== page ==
The Queen may have to forfeit prizemoney worth nearly NZ$160,000 after her horse Estimate failed a drugs test for prohibited substance and opioid morphine.
She learned of the test result while her family was celebrating baby Prince George's first birthday.
Estimate won the Gold Cup at last year's prestigious Royal Ascot meeting and came second in the race this year, winning £80,000 (NZ$158,000).
The Times has reported that Estimate faced "inevitable disqualification" from the second placing. The respected newspaper emphasised "there is no suggestion of foul play".
A statement by John Warren, the Queen's bloodstock and racing advisor, said the British Horseracing Authority (BHA) told the Palace five horses from various trainers tested positive for morphine.
"I can confirm that one of those horses was Estimate, the five year-old filly trained by Sir Michael Stoute and owned by the Queen," Warren said.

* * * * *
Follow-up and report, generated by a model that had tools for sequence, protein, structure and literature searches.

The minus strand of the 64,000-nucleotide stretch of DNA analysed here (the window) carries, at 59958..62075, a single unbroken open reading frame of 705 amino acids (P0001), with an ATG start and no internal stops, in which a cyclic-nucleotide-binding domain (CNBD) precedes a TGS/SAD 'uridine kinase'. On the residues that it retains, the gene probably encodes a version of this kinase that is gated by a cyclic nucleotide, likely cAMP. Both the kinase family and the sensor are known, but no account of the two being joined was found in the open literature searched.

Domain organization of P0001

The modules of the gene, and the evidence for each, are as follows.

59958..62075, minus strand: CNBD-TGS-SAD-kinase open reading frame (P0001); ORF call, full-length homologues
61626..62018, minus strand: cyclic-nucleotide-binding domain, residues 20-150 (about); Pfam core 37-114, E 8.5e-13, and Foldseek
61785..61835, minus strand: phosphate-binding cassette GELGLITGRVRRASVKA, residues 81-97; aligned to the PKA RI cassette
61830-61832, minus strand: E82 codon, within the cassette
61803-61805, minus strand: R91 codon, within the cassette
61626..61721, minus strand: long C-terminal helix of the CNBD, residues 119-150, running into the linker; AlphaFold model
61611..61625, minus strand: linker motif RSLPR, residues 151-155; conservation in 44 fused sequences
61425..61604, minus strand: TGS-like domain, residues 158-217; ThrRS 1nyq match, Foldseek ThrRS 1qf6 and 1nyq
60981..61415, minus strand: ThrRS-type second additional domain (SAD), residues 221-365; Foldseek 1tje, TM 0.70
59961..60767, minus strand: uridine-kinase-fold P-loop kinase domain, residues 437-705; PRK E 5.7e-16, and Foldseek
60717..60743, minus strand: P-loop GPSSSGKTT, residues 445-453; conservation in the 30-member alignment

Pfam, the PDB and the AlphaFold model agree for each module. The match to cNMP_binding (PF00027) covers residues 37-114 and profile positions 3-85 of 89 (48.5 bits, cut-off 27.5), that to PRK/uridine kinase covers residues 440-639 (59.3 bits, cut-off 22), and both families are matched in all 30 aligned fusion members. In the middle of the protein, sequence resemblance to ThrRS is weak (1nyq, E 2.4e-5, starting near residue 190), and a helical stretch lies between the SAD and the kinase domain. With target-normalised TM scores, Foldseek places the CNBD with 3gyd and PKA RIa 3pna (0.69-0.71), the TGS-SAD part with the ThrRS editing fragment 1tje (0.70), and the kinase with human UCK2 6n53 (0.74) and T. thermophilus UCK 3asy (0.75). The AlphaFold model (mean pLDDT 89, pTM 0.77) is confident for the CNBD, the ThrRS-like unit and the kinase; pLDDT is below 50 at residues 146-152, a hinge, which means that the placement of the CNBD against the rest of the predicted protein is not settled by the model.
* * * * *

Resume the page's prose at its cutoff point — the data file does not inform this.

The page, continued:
"Initial indications are that the positive test resulted from the consumption of a contaminated feed product.
"Sir Michael is working closely with the feed company involved to discover how the product may have become contaminated prior to delivery to his stables.''
"As the BHA investigates this matter, including potential links between the different cases, Sir Michael continues to offer his full co-operation. Dodson & Horrell, a feed merchant widely used by trainers, has already confirmed that one of its products could be at fault.
Sir Michael, one of six trainers of flat racing horses for the Queen, planned to run Estimate in the Goodwood Cup in Sussex next Friday and the BHA would place no obstacles in his way.
"There is no stand-down period for the horses involved," Mounsey confirmed to The Times.
It's not the first case of problems in the royal stable, but The Times suggested the development would be "an irritation for Sir Michael and Estimate's owner, rather than the embarrassment that ensued five years ago when a lesser light in the royal string, Moonlit Path, was found to have been administered with the anti-bleeding drug, tranexamic acid".